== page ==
Engineers recharge Ingenuity’s batteries on its way to Mars

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Engineers have successfully completed their first in-flight maintenance recharge of the batteries on Perseverance’s small test helicopter Ingenuity.

NASA’s Ingenuity Mars Helicopter received a checkout and recharge of its power system on Friday, Aug. 7, one week into its near seven-month journey to Mars with the Perseverance rover. This marks the first time the helicopter has been powered up and its batteries have been charged in the space environment.

During the eight-hour operation, the performance of the rotorcraft’s six lithium-ion batteries was analyzed as the team brought their charge level up to 35%. The project has determined a low charge state is optimal for battery health during the cruise to Mars.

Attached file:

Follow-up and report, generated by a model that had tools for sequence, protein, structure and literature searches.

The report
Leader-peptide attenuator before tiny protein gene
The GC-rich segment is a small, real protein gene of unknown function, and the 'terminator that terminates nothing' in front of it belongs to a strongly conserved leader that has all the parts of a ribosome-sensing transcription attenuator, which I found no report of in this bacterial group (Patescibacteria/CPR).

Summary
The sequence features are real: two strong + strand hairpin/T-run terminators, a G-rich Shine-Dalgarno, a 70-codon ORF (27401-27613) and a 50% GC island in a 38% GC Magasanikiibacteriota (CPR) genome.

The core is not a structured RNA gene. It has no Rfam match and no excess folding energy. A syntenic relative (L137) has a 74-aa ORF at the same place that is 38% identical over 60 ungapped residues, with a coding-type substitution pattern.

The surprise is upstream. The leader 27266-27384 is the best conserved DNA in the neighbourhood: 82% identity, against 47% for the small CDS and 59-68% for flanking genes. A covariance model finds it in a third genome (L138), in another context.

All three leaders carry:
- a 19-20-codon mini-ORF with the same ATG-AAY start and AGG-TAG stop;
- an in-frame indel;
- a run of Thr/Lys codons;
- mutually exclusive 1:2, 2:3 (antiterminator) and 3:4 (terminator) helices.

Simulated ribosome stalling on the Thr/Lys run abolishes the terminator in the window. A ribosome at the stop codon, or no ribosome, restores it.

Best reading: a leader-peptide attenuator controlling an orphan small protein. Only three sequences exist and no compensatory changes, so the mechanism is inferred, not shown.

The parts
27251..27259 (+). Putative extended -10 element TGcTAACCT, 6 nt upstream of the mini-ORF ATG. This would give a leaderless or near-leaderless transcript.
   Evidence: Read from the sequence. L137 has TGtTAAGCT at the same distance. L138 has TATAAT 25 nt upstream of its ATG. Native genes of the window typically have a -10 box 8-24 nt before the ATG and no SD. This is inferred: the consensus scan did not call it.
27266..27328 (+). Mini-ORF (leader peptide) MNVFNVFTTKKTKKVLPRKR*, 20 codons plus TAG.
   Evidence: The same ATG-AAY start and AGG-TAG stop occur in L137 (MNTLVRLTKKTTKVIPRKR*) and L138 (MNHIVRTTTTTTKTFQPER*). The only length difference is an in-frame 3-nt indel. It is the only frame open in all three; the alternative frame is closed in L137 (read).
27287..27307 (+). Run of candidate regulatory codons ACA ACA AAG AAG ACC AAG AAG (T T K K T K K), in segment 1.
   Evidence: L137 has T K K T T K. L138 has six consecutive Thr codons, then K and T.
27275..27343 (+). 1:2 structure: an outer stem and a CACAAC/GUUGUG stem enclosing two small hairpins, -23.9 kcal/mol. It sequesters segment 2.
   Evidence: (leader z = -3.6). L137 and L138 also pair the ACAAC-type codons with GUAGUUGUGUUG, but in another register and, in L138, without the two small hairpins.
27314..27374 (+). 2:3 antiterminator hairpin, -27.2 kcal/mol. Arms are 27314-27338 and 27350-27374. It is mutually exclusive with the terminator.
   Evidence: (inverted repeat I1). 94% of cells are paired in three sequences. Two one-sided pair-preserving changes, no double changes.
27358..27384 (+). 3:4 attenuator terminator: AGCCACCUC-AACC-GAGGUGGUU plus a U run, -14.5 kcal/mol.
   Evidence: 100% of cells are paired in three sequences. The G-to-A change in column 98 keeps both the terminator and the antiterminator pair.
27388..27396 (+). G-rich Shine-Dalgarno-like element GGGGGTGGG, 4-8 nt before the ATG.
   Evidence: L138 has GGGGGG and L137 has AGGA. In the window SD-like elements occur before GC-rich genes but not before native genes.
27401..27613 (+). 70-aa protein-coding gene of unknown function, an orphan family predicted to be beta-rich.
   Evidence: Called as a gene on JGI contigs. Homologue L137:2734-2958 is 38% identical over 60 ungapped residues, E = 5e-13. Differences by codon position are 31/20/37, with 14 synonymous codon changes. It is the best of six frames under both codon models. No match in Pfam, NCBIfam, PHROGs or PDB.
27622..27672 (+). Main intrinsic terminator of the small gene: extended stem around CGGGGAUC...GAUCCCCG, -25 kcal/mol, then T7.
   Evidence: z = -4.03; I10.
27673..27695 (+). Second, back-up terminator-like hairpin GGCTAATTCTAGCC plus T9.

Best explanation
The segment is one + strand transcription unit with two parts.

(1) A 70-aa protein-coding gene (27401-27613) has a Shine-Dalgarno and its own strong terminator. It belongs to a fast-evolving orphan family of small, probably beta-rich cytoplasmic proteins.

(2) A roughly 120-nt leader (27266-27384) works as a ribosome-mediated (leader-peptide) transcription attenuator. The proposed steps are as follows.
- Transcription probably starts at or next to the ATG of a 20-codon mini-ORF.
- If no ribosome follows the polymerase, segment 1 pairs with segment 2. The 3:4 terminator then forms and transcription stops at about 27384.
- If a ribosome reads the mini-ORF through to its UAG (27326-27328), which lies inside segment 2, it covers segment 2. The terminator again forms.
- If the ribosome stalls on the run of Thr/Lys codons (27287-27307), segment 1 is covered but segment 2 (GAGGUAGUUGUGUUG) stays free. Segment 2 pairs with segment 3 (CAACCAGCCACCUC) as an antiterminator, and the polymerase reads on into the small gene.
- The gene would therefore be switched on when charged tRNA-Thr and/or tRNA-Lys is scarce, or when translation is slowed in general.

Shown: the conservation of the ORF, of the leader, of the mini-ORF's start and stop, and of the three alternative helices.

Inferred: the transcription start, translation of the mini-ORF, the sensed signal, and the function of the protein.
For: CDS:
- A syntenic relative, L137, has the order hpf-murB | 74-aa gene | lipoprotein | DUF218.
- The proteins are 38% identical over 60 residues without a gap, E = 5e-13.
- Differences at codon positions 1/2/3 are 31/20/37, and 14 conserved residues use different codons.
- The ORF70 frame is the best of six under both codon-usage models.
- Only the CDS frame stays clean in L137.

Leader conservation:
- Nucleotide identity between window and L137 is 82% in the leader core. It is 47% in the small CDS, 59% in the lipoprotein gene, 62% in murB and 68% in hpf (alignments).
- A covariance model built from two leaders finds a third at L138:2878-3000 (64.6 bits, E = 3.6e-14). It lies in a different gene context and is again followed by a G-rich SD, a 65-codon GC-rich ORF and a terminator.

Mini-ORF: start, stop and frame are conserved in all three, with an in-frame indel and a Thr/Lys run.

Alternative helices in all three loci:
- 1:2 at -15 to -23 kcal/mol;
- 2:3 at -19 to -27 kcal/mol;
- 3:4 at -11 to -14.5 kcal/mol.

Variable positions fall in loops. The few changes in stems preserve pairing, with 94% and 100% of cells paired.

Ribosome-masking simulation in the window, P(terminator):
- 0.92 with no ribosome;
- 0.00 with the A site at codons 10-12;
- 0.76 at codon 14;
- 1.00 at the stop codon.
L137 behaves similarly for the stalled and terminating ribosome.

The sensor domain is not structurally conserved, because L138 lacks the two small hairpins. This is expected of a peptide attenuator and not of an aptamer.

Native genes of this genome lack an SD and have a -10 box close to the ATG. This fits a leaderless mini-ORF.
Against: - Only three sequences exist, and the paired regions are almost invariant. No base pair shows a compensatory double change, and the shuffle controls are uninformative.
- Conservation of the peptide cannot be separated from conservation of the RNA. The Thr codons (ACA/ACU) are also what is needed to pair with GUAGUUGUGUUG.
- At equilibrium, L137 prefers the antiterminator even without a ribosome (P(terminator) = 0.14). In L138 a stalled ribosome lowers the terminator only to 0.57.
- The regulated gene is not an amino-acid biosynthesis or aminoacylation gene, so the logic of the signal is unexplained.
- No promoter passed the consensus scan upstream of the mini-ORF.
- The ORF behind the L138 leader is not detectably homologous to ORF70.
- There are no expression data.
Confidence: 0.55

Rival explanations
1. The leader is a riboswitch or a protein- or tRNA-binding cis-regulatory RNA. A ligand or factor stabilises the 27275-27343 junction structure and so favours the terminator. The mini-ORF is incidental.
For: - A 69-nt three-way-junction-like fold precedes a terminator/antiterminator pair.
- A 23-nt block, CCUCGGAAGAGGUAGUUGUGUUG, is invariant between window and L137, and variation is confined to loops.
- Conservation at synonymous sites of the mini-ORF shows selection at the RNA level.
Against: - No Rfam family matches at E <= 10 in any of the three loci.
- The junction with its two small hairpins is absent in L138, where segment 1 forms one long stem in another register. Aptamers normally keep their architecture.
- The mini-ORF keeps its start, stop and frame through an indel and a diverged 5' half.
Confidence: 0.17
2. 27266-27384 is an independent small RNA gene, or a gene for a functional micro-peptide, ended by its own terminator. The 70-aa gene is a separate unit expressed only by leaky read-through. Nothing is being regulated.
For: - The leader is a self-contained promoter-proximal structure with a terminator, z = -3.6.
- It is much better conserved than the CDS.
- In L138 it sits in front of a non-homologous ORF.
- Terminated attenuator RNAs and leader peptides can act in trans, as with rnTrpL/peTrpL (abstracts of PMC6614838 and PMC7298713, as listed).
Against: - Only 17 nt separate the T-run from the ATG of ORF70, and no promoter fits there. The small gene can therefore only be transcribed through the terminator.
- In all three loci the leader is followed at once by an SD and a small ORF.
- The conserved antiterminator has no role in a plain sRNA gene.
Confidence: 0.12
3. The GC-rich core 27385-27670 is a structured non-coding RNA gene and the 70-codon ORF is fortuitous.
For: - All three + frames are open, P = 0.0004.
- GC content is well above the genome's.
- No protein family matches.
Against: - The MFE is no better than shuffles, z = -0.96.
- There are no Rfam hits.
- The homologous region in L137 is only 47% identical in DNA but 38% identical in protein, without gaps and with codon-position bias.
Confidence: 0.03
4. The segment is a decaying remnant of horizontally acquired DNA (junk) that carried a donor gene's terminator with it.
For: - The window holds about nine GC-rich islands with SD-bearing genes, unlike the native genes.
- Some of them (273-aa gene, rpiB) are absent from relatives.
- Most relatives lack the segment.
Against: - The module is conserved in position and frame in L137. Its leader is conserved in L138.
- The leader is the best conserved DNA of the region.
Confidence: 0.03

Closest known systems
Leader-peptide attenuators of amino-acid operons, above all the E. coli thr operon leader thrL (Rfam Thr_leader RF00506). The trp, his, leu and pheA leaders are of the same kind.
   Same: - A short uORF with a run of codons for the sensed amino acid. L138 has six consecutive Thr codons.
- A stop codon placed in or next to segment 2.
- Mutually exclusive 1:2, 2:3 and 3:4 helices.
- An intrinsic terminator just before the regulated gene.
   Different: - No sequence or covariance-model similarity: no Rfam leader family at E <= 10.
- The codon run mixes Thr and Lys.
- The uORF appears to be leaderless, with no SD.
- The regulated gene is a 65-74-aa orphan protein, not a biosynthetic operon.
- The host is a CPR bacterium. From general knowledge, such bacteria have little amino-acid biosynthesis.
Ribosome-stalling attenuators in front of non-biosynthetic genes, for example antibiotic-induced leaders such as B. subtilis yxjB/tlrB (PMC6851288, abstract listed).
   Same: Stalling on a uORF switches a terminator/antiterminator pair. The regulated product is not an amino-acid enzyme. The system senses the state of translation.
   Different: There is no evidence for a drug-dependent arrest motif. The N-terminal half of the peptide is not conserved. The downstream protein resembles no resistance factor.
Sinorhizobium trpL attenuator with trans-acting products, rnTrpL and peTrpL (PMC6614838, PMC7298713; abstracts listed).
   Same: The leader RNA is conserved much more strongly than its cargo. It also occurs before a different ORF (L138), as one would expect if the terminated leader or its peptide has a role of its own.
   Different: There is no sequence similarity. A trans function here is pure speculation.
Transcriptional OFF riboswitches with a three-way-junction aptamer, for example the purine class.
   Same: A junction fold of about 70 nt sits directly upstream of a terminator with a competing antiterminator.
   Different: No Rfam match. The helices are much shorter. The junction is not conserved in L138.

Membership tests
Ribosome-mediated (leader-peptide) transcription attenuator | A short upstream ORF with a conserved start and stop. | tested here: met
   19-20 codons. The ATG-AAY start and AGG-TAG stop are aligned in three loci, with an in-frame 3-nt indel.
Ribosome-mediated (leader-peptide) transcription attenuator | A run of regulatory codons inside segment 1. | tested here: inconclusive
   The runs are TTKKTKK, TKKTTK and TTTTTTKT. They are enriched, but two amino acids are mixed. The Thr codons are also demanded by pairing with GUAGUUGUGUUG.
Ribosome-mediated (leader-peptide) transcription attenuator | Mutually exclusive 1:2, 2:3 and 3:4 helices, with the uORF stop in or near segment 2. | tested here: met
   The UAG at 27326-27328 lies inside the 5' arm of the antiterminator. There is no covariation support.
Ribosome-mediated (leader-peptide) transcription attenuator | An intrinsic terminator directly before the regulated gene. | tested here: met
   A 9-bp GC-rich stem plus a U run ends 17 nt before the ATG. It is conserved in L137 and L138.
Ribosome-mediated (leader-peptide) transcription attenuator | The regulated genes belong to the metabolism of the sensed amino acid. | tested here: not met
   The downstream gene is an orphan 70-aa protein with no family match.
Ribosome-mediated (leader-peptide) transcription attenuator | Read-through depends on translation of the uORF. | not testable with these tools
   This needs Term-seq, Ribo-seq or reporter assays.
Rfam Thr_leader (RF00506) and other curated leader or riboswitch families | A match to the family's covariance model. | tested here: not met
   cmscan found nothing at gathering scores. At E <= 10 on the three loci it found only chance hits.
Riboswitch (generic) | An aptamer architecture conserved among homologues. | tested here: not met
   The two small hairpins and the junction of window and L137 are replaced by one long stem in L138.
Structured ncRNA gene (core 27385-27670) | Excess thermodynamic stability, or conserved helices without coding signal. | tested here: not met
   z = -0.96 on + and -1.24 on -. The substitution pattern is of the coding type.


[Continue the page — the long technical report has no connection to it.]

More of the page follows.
They plan to do these partial recharges about once every two weeks during the trip to Mars to keep the battery charged the optimal amount.

About a month after Perseverance has landed in February 2020, it will find a large flat area to deploy Ingenuity, then move away. The helicopter will then begin a 30 day test program to see if it will be able to fly in the very thin Martian atmosphere, only about 1% as thick as Earth’s.


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  • James Street

    This is a fun easy to understand 16-minute video about the Mars helicopter:

  • Jerry Greenwood

    It will be interesting seeing it fly. With the highest Martian atmospheric density being equal to 115k feet on earth this will be quite an engineering accomplishment.

  • LocalFluff

    I heard Jim Green say in an interview today/yesterday that the little chopper won’t fly higher than 5 feet.

    That’s the hight at which an elk could gnaw on its blades. Testing for alien life, NASA style.

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